On Episode 21 of Suffer the Little Children Podcast, I featured the case of one-year-old Sereniti Sutley, a tiny princess with a quick smile and sparkling blue eyes who died just three weeks after her first birthday. For the most recent episode of the podcast, I provided updates on the cases I covered from episodes 13 through 24, including Sereniti’s.
First, a quick recap for anyone unfamiliar with Sereniti’s story.
The case began on October 7, 2017, when Sereniti’s mother, 22-year-old Kelsie Blankenship, found the baby lifeless in her crib in the early morning hours. Based on the Sereniti’s injuries, medical staff and police believed she was raped and beaten to death.
When Sereniti died, the only people with her in the family’s Conneaut, Ohio apartment were her mother, Kelsie, and Kelsie’s 37-year-old boyfriend, Joshua Gurto, who had been dating for about three months. Joshua was questioned by police the same day and released, but soon after, he was charged with two counts of aggravated murder, three counts of murder, one count of rape, one count of felonious assault, and one count of domestic violence. At that point, Joshua went on the run, leading police on a three-week manhunt that ultimately ended in his capture at a Sheetz gas station and convenience store in Franklin Park, Pennsylvania.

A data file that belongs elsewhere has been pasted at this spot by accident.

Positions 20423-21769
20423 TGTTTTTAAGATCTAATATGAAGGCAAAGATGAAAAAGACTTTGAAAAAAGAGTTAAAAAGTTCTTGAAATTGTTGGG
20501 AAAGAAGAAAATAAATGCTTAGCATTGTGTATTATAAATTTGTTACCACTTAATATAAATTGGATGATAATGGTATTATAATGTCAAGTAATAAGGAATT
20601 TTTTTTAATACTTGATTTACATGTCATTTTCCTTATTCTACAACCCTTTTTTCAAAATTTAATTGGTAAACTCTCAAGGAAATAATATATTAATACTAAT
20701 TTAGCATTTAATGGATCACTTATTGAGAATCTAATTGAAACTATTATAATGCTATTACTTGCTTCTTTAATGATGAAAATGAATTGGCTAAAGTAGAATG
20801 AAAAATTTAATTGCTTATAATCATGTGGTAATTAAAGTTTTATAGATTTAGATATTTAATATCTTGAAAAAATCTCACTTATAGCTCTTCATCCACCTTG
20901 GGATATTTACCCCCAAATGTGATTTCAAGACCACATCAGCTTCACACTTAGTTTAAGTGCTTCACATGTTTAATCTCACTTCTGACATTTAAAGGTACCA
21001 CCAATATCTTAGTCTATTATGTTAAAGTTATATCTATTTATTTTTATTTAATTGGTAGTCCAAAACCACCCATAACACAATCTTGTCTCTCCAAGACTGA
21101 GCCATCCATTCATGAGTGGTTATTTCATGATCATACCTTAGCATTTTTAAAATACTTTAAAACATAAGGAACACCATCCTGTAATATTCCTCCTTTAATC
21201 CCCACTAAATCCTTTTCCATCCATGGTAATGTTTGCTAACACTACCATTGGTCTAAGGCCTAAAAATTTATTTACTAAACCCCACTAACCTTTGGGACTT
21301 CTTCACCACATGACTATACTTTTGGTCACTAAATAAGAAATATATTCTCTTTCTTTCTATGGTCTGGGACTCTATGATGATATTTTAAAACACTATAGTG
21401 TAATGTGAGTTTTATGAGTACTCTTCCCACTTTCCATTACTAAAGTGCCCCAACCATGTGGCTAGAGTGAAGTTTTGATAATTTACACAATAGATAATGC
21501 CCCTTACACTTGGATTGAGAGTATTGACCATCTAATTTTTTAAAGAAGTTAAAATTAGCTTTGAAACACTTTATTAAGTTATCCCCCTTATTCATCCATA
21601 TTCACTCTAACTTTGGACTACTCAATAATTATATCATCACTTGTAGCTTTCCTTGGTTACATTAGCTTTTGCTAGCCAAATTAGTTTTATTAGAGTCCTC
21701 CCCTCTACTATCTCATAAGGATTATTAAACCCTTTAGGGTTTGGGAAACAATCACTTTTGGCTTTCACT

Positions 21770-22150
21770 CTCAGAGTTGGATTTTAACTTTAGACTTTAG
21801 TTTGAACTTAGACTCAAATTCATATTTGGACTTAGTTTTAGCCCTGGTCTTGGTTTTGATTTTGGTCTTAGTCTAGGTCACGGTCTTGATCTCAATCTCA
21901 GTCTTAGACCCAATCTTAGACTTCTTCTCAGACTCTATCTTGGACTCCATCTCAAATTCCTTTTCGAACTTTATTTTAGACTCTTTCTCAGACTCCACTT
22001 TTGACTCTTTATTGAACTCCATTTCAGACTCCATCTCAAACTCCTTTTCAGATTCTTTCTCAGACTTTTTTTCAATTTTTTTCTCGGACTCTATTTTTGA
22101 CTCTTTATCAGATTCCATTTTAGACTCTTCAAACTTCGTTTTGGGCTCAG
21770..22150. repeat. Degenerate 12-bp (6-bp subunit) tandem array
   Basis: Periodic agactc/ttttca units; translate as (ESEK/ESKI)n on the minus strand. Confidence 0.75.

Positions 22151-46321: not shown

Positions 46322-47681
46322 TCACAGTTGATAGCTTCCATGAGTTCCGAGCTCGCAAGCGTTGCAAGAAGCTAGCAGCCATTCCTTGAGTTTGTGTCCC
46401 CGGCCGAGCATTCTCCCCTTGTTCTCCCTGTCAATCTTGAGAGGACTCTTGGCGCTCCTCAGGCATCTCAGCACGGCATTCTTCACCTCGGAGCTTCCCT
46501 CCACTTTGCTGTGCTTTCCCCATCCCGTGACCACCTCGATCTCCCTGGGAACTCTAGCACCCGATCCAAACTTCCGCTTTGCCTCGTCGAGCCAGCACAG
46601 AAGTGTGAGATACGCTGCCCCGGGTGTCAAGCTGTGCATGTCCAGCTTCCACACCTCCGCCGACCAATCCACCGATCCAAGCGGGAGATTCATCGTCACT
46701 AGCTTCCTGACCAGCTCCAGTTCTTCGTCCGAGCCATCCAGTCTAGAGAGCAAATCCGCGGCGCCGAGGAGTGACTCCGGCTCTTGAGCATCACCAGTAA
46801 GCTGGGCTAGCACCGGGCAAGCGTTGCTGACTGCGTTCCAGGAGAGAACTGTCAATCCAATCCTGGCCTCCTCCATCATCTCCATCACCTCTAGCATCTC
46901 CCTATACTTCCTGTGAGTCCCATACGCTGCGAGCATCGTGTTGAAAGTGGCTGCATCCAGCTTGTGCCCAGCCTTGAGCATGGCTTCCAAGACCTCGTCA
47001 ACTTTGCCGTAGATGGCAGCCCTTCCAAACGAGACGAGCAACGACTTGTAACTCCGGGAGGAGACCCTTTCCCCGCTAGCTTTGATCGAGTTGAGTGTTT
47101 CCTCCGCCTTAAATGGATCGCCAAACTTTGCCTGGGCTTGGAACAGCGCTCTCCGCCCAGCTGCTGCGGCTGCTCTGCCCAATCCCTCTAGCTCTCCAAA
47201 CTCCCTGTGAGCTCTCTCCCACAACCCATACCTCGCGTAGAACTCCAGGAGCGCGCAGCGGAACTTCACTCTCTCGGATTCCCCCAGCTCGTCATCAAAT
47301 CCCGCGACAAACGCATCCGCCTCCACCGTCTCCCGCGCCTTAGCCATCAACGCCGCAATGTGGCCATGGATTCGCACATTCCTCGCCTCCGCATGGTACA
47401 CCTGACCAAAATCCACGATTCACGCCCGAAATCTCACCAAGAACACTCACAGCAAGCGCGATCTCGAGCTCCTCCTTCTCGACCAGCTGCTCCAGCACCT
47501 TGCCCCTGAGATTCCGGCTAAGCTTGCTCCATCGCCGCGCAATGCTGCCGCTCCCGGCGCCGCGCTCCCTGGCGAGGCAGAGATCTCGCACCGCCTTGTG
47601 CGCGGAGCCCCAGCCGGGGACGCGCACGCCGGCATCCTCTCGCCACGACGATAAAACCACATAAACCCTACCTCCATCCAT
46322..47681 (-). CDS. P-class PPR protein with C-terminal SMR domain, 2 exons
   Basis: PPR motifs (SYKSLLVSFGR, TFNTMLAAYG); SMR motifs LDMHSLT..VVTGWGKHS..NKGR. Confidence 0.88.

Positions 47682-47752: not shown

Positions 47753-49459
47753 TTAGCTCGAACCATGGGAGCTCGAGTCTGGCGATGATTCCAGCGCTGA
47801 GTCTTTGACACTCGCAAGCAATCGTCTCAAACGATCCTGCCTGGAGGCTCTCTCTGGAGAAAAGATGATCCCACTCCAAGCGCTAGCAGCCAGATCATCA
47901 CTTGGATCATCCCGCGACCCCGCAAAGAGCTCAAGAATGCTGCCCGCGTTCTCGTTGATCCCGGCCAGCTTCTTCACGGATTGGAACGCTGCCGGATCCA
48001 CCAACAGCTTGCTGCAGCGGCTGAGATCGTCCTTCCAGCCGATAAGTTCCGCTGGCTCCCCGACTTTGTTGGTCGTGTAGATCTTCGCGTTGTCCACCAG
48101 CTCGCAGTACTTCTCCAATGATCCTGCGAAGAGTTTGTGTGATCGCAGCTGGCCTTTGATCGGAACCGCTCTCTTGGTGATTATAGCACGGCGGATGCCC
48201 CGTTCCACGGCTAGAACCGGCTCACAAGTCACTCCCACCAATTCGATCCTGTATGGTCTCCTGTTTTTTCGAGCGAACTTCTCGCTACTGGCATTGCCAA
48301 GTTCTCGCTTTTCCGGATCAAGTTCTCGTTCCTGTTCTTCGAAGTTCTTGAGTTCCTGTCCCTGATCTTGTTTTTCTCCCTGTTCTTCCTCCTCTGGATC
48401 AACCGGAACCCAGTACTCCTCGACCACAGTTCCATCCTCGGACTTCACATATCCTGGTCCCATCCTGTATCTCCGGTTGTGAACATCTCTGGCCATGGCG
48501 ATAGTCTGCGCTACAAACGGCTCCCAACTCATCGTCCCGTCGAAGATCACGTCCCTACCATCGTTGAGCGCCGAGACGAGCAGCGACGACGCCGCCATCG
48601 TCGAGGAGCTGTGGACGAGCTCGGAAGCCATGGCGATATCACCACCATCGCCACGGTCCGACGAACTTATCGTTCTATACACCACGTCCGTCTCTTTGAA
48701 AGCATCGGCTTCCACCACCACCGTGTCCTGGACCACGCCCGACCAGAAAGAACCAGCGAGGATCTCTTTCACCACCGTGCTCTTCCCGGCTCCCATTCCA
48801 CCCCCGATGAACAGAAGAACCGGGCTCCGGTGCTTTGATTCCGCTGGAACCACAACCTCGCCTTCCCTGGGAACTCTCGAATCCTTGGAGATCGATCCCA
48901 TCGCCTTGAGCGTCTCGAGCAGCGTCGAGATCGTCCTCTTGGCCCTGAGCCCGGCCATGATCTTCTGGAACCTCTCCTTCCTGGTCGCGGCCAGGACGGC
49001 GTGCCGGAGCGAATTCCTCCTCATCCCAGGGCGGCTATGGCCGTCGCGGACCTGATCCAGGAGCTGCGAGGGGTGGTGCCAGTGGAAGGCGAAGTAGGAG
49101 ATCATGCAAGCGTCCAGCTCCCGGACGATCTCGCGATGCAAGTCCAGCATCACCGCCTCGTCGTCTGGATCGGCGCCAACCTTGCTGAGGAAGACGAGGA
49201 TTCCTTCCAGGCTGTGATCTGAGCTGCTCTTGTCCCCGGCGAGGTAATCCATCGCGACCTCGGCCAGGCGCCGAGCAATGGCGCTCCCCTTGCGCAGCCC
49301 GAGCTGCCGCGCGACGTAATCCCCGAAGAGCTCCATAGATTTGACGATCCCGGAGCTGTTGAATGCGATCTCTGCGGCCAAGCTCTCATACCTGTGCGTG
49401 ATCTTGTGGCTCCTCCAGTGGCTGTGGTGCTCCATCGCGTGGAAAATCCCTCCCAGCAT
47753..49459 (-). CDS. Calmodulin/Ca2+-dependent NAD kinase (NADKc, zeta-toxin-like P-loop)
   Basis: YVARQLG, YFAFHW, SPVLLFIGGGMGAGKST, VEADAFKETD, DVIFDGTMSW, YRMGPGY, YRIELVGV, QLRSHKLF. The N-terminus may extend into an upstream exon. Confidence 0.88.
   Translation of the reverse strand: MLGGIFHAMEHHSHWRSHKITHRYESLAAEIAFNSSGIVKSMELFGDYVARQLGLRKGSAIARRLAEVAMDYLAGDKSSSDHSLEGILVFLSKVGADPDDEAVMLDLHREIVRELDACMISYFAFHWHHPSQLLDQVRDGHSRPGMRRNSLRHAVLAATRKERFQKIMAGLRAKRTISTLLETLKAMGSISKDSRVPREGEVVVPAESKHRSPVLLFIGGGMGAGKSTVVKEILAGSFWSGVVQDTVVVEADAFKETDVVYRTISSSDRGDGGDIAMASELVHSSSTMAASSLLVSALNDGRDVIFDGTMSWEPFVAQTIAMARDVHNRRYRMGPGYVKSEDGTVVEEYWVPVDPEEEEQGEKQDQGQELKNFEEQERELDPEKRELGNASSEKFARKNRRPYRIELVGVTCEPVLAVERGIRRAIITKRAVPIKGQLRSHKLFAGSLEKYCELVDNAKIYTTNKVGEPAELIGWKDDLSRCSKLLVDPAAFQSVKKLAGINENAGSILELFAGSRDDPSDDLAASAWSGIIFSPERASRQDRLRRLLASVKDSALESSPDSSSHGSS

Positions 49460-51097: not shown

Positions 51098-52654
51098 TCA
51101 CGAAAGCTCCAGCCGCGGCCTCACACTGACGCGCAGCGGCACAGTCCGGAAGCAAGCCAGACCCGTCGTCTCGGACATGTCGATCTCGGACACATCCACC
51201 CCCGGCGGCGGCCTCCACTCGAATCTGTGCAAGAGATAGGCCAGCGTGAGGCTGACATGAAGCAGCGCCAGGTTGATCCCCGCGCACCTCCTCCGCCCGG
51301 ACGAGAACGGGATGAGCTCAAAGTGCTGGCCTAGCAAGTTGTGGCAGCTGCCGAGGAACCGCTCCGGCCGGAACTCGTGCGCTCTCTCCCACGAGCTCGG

Sereniti’s mother, Kelsie, continued about her life, participating in news interviews about her daughter’s murder and so on, for an entire year, until on October 12, 2018, she was arrested and charged with two counts of felony murder, one count of felonious assault, two second-degree felony counts of endangering children, one third-degree felony count of endangering children, and one misdemeanor count of domestic violence.